Introduction: The Chinese painting tradition
The Chinese painting tradition involves images created by dipping brushes in water, ink and/or water colors on silk or paper. Figures, landscapes, flowers and birds are three important themes for Chinese painting. These subjects reflect artists’ consciousness of natural, philosophical, moral and cultural concerns, and different types of actions, settings and figures carry a number of symbolic meanings.
The subject of this painting is a blooming chrysanthemum flower. Within the context of the Chinese painting tradition, this particular imagery represents resilience and strength under duress: these flowers stay in bloom even during autumn, making them a great symbol of vitality and triumph over adversity.
There are innumerable styles, schools and categories of Chinese painting, as is perhaps to be expected for such an ancient tradition. This chrysanthemum painting can be included into freehand style under bird and flower painting. These works showcase expert ink-and-wash techniques and beautiful nature scenes. It is very similar in style to Xu Xi (937-975), who is one of the great Chinese painting masters. Therefore, this painting can be included in Xu School.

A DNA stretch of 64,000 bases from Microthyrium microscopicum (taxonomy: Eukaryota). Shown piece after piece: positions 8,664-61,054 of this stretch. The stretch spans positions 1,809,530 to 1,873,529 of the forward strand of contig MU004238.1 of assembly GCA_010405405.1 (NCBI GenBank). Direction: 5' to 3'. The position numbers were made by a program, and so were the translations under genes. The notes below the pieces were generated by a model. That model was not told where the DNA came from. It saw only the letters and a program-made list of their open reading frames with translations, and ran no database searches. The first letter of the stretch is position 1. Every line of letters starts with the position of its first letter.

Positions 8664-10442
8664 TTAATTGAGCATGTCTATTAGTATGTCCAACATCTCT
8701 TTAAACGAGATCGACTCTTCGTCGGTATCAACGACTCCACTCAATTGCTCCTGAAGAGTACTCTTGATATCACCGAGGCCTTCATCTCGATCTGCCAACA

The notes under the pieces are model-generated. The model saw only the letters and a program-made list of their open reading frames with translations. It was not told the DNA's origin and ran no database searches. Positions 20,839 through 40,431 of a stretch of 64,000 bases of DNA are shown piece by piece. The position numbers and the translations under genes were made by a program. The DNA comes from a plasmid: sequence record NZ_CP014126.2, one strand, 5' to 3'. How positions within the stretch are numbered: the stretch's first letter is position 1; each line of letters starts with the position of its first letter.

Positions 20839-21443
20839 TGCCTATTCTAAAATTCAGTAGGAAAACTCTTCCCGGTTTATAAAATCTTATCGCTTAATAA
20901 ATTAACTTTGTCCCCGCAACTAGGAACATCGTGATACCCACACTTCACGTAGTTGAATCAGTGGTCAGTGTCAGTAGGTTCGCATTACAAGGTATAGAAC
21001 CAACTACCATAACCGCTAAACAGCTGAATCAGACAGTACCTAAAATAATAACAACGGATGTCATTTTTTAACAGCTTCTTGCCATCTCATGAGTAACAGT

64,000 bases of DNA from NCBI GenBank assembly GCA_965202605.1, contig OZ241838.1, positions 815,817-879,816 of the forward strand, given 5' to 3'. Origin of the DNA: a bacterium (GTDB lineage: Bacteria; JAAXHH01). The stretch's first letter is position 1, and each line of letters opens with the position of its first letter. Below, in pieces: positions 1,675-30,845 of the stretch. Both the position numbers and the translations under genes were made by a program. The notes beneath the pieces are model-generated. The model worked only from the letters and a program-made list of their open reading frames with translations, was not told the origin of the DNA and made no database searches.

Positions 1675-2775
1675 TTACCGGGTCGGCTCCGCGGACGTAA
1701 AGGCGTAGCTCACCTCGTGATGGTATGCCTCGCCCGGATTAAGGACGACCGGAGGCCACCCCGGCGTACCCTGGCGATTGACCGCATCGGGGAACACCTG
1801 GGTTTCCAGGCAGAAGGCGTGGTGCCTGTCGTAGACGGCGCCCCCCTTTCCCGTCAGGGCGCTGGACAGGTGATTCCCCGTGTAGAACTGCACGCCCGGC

There are two main ways to represent subjects in Chinese painting: the figurative, which closely imitates the subject’s physical appearance, and the impressionistic style, which involves artistic touches and flourishes that make the subject seem more pleasing, or that emphasize some of its different aspects. This painting is typical of the impressionistic style, with its wild splashes of colour and the exaggerated size of the blooms.
There are only four colors in this painting, white, yellow, rosy red and black. Leaving the left part of the painting blank is a signature technique in Chinese painting. By using only tones for most of the painting, including the flowers’ stems, the artist brings out the flower’s yellow and rosy red colours and makes them the focus of the painting: they look alive and beautiful.
The full name of this painting is already written on the top right side of the painting, which is “blooming chrysanthemums make autumn a more beautiful season.” Much like artists themselves, chrysanthemums bring joy and beauty in times of hardship: even as daylight becomes scarce, they provide their own uplifting beauty.